infinite grassmannian in algebraic geometry

Geometric realization of $B{\mathbb G}_{\mathfrak m}({\mathbb C})$ is ${\mathbb C}{\mathbb P}^\infty=\varinjlim_n~ {\mathbb C}{\mathbb P}^n_k$; what if one considers a separable field $k\neq {\overline k}$? Sheaf-theoretically, $B{\mathbb G}_{\mathfrak m}$ represents the simplicial sheaf $B{\mbox{hom}}_{k}(-,{\mathbb G}_{\mathfrak m})$ on the big etale site $Sch_k$; should I think of the analogue for ${\mathbb C}{\mathbb P}^\infty$ as $\varinjlim_n~ {\mbox{hom}}_{k}(-,{\mathbb P}^n_k)$?

Context: calculating etale cohomology of $B{\mathbb G}_{\mathfrak m}(k)$.

Note: For separably closed field $k$, theorem of Friedlander-Parshall says that $H^\ast_{et}(BG(k),{\mathbb Z}/m)\cong H^\ast_{et}(BG({\mathbb C}),{\mathbb Z}/m)$ for complex reductive group scheme $G({\mathbb C})$.

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In the blog post sbseminar.wordpress.com/2008/06/19/whats-a-stack , comment number 27 by "bb" begins with "There is a precise sense in which P^n approximates BG_m if one works in the A^1-homotopy category" and explains that since étale cohomology is $\mathbb{A}^1$-homotopy invariant, one may compute the cohomology of $B\mathbb{G}_m$ by taking a limit of cohomologies of projective spaces. –  S. Carnahan May 12 at 23:35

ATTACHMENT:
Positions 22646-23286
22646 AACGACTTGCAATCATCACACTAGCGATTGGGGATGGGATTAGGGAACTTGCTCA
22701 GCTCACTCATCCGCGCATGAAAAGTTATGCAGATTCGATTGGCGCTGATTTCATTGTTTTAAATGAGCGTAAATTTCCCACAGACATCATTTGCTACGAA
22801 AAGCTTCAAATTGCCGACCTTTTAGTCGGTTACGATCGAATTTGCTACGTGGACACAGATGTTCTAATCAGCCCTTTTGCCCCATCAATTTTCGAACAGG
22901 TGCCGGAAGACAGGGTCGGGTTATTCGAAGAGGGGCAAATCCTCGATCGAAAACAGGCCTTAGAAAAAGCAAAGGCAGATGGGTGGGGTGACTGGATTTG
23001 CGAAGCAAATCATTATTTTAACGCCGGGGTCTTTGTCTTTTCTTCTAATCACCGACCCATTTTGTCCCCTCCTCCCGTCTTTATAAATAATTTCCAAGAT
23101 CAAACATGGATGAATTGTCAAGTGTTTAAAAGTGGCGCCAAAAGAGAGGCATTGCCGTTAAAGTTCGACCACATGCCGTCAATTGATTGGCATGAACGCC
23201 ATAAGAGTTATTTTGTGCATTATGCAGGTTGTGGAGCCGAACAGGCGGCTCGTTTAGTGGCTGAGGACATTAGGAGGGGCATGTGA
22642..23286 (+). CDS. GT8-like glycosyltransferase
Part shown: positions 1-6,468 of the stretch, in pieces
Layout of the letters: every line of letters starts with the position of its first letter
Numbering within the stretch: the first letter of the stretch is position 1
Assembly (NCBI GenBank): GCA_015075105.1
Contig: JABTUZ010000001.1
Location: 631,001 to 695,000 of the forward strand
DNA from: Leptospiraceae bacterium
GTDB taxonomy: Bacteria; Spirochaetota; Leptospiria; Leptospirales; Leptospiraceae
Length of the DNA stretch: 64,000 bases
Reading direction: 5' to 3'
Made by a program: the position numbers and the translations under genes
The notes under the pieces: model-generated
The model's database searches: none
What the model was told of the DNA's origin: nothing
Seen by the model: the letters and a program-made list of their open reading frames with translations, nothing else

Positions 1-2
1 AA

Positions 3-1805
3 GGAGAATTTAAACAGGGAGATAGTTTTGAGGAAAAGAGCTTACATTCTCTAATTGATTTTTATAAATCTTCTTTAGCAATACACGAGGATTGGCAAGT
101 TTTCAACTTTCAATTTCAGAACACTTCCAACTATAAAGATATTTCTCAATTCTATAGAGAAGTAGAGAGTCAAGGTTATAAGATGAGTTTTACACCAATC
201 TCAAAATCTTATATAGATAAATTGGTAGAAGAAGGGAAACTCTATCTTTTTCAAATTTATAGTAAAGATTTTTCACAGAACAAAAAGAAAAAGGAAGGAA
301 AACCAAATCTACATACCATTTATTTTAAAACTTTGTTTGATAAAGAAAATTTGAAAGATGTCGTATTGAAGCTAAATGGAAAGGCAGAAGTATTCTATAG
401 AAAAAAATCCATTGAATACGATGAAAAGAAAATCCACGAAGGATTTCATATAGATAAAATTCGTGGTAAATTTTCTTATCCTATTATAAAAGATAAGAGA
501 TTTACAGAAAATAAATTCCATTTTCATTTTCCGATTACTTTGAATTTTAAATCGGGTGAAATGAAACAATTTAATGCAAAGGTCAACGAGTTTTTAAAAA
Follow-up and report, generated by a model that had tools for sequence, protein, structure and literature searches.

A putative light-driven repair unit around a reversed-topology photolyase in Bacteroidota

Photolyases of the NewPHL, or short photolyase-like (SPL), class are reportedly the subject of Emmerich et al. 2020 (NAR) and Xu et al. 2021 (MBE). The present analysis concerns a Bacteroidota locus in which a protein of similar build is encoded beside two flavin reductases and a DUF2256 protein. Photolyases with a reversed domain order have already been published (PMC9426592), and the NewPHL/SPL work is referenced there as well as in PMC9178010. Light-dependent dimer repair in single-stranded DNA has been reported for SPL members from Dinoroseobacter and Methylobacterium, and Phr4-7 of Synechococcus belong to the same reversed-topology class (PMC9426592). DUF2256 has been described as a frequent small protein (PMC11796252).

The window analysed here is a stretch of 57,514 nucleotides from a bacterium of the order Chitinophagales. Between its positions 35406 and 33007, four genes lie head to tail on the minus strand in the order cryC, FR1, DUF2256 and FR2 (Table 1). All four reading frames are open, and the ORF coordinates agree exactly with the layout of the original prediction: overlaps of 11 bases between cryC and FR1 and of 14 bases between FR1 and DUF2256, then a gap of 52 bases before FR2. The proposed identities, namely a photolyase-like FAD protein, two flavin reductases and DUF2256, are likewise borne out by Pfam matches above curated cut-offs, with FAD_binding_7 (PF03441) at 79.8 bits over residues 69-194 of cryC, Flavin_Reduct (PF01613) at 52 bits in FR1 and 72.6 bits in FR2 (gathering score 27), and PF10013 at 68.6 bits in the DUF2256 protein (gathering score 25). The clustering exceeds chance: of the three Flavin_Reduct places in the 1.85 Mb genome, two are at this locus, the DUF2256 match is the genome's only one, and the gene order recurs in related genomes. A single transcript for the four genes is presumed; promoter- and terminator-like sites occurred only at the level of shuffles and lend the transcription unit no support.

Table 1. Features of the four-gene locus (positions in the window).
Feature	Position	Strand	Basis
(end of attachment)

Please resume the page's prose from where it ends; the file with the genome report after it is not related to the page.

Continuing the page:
–  S. Carnahan May 12 at 23:37
Thanks for the references ... I am looking at them. –  sms1 May 13 at 3:06

As far as I understand, yes, you can look at it this way. However, at least to me, this seems like a strange way of doing it, and there are a few problems with it:

• Basically, you are saying that the cohomology of ${\mathbb P}^\infty$ and $B(\mathbb{Gm})$ coincide because the fiber (which is ${\mathbb A}^\infty-\{0\}$) is contractible. If you use something other than the `usual' cohomology, you need to justify the cohomological triviality of ${\mathbb A}^\infty-\{0\}$.

• Before you even begin doing this, you must make sure that the cohomology theory you work with even allows ind-objects like ${\mathbb P}^\infty$ and ${\mathbb A}^\infty$.

• When you are done, the argument will be tied to the specific group $\mathbb{Gm}$. What if you put a different reductive group there? Say, an exceptional one?

So it may be better to compute the cohomology of $B(\mathbb{Gm})$ directly, and view the claim about comparison with $\mathbb{P}^\infty$ as a bonus.

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